He decides to go into a form of therapy session on this one where he talks about the public pressure of being a celebrity. He says sometimes he just wants to give up on the life and just live a quiet life and not be bothered by the pressures of being in the spotlight.

He says that his talent comes naturally to him and as such cannot shelve it and therefore might just have to live with the stress of being a celebrity after all.

He adds even though he prefers to just make songs and not be bothered by demands of the celeb life, he would brace it and pray to God for help to navigate the terrain.

Track 9 – 24 (Interlude)

Even though this is supposed to be just an interlude track, it can actually be said to be a song because it is an awesome piece of work.

Fireboy flexes his vocal ability on this one. It is a slow sound with soothing beats and instrument play, but his vocals carry this and makes it a very good song on any given day, not just an interlude.

 Track 10 – Dreamer

Here he talks about unrequited love from someone he wanted to give his all to. This leads him to ask the question of he is only just a dreamer wishing to have something or someone that doesn’t want him back. This is a combination of great vocals and awesome production.

 Track 11 – Afar

This is a song largely sung in pidgin (adulterated English spoken in Anglophone West Africa) and interspersed with some real English.

This track follows a theme of people who are two-faced and asking them not to come close. The preference for such people is for them to “love him from afar.”

He features his boss Olamide on this one. Funny enough, Olamide sounds strange on this as he does pure English rap with some little pidgin, which is quite unlike his regular raps in Yoruba and Pidgin – the rap was so good.

Track 12 – Go Away

Fireboy here talks about his dislike for a feeling of having affection for a certain person who seems to be occupying his thoughts all the time.

He says that he does not like the feeling of being stuck in love with this person as he seems to ignore the other girls he has available. What makes it worse is that he isn’t sure if this person he is falling for feels the same way about him.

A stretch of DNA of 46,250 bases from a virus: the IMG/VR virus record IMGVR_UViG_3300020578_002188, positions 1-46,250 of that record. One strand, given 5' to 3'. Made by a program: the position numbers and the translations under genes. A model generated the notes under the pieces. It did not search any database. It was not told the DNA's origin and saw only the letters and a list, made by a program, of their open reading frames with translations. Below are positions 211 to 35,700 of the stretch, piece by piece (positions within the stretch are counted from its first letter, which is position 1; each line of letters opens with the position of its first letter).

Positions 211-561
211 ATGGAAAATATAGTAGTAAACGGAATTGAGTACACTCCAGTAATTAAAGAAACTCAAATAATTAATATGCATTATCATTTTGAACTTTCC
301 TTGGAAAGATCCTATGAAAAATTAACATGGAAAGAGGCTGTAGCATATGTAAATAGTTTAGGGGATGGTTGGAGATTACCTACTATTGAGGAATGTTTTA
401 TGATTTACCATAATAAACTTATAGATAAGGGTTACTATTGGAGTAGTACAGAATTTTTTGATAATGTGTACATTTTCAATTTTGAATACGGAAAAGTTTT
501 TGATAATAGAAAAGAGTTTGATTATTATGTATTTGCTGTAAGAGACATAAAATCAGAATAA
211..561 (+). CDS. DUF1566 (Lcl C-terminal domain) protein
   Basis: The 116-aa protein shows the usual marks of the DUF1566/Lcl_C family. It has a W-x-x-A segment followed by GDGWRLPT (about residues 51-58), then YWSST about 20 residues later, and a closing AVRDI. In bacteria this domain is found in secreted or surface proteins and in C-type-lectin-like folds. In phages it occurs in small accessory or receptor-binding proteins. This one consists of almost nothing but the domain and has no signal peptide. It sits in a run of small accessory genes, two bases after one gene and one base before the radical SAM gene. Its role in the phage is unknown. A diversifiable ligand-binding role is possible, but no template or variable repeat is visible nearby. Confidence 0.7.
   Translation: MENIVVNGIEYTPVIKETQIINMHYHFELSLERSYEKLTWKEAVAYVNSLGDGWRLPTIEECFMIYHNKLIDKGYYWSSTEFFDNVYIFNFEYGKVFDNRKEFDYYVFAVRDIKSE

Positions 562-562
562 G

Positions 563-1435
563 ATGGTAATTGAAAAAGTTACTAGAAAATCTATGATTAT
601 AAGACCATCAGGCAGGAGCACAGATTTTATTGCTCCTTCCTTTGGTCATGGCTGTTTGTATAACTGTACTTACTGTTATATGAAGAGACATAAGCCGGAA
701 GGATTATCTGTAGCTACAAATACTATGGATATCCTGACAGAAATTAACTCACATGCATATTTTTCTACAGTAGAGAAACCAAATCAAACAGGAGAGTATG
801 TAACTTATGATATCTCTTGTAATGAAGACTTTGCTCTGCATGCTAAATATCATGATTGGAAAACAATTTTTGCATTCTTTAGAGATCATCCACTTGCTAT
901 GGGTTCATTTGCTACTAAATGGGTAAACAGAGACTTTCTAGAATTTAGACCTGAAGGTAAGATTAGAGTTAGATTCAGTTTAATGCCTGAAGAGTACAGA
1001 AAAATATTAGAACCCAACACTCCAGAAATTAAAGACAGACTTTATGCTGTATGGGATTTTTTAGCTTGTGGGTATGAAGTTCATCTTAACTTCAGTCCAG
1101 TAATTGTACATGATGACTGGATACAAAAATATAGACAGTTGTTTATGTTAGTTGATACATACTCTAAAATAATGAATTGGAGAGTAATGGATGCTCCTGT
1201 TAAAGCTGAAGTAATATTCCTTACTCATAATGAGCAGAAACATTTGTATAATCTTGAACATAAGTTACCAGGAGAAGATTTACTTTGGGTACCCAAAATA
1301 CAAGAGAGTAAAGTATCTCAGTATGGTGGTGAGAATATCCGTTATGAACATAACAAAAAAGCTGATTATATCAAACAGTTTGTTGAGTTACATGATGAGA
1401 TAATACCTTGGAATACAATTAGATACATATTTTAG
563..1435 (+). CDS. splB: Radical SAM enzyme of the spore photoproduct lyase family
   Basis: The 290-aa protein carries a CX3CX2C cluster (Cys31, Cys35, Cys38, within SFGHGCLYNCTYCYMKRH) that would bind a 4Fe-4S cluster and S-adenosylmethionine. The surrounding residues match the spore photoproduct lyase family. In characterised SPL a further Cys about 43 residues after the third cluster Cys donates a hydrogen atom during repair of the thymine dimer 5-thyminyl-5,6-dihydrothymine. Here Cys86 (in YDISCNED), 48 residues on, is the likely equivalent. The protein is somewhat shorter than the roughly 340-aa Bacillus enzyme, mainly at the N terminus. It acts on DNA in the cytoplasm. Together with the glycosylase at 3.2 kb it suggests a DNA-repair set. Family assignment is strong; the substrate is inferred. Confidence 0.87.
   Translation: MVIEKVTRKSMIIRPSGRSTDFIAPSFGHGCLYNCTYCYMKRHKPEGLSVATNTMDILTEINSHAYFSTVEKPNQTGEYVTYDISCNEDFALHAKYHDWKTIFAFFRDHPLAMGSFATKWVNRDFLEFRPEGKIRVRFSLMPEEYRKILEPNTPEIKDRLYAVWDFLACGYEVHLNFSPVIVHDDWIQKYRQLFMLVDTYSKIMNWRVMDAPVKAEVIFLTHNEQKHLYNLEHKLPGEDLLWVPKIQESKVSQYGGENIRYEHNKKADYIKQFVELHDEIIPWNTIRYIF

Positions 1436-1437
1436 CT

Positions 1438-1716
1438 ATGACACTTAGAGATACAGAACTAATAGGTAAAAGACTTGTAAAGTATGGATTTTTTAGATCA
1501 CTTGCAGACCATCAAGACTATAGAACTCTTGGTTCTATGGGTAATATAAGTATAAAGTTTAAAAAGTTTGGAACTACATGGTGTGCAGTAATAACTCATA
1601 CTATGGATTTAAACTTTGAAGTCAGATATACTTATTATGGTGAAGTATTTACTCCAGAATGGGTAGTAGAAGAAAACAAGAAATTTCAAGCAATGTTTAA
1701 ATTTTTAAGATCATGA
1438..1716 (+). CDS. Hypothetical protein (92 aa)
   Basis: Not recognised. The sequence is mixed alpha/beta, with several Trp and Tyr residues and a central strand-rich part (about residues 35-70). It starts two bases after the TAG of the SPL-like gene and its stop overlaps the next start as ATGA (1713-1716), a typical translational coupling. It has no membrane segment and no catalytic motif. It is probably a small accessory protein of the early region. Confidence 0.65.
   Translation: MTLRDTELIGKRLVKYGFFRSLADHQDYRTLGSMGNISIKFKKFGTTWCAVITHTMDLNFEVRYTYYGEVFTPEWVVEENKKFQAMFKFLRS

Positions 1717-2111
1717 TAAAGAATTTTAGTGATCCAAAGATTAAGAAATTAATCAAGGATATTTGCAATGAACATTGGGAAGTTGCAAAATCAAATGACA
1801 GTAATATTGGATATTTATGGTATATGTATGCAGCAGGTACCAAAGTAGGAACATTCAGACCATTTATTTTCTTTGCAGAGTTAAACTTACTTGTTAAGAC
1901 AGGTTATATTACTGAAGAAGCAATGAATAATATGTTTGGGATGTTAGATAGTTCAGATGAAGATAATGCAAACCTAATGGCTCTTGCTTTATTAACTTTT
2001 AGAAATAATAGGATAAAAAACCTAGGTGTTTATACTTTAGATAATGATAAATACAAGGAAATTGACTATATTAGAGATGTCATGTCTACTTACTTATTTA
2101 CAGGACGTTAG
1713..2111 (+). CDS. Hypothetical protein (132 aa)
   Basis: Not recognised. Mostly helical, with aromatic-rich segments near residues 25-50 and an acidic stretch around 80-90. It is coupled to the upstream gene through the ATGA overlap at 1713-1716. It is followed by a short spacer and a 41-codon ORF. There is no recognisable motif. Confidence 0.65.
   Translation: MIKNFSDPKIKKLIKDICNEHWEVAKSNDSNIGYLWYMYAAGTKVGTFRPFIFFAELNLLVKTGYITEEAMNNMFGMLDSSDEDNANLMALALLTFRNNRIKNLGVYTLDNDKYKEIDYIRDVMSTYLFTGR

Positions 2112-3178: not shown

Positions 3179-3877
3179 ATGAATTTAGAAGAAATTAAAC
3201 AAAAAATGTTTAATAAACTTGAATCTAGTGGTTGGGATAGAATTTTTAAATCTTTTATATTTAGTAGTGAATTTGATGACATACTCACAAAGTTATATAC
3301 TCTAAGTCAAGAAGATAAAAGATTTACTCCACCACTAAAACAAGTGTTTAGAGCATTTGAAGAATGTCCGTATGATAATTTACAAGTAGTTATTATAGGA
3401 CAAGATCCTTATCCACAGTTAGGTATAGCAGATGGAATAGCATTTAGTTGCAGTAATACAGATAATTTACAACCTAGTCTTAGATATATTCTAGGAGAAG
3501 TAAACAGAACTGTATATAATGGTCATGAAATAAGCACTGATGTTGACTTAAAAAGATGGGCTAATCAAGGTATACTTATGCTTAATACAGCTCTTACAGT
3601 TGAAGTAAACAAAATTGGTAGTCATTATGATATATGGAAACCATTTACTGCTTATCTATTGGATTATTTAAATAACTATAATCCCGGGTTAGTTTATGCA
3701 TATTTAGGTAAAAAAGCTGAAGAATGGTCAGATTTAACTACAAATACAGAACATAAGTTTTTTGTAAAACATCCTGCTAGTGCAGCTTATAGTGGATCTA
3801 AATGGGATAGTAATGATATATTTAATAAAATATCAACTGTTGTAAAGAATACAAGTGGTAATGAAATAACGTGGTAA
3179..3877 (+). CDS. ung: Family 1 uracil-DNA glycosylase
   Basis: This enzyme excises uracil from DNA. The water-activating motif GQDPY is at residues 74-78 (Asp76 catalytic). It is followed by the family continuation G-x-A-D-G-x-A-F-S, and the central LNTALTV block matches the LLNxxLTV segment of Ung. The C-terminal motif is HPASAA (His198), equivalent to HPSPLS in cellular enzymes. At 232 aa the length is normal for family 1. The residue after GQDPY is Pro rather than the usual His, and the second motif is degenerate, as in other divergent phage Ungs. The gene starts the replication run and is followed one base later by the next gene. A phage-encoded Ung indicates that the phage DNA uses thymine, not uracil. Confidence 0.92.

Track 13 – Shade

This track for me is up there. It is arguably the best song on the album. It seems to be dedicated to certain lady by name Shade (Sade) who he likes. He talks about the fact that he does not want to lose the lady and no matter how she fights it, their relationship is something that he believes would surely happen.

Even though it is your regular love song, you can actually “boogey” to it as well.

Track 14 – Friday Feeling

It is coincidental that I am doing this review on a Friday lol, it is therefore apt that this track is effectively dissected.

This is a party song which actually talks about partying on a Friday in the spirit of TGIF.

On this track, Fireboy is asking someone to dance with him one more time and the need to seize the moment and have fun.

 Track 15 – God Only Knows

This appears to be a sad song where Fireboy says he is not sure if someone he used to know still remembers name and even remembers who he is. It is an enactment of a situation where a lover messes up and then has an epiphany much later, where they wonder what they could turn back the hand of time and done better so that their relations then turned out much better than it did.

 Track 16 – Sound

This is an embodiment of good music!

Here Fireboy sings in pidgin and English where he creates and ode to music. This carries so much “Africanness” (if there is a word like that) in it. It is both a feel good and reflective/meditative song at the same time.

Track 17 – Remember Me

This is the last song on the album.

It talks about the need to remember him when he is gone. It is a befitting song to end such a masterpiece of an album.

Here he talks about the need to remember him for his good deeds and accomplishments when the journey is over.

Fireboy seeks to admonish all to remember to do the best they can in time so people remember them for their works as life isn’t infinite.

 Conclusion

In conclusion, this album is not just good – it is a great album.

The Executive Producer of the album is Olamide Adedeji who also doubles as the A & R alongside Bolaji Kareem.

The producers for the songs are as follows;

Pheelz – Tracks 1, 2, 3, 5, 9, 10, 14, 15, 17

Type A – Tracks 4, 6, 8, 12, 13

iamBeatz – Tracks 7, 11

P.Priime – Track 15

Based on the individual scores of the tracks above, the overall rating for the album is 8.50/10 – that right there is a masterpiece.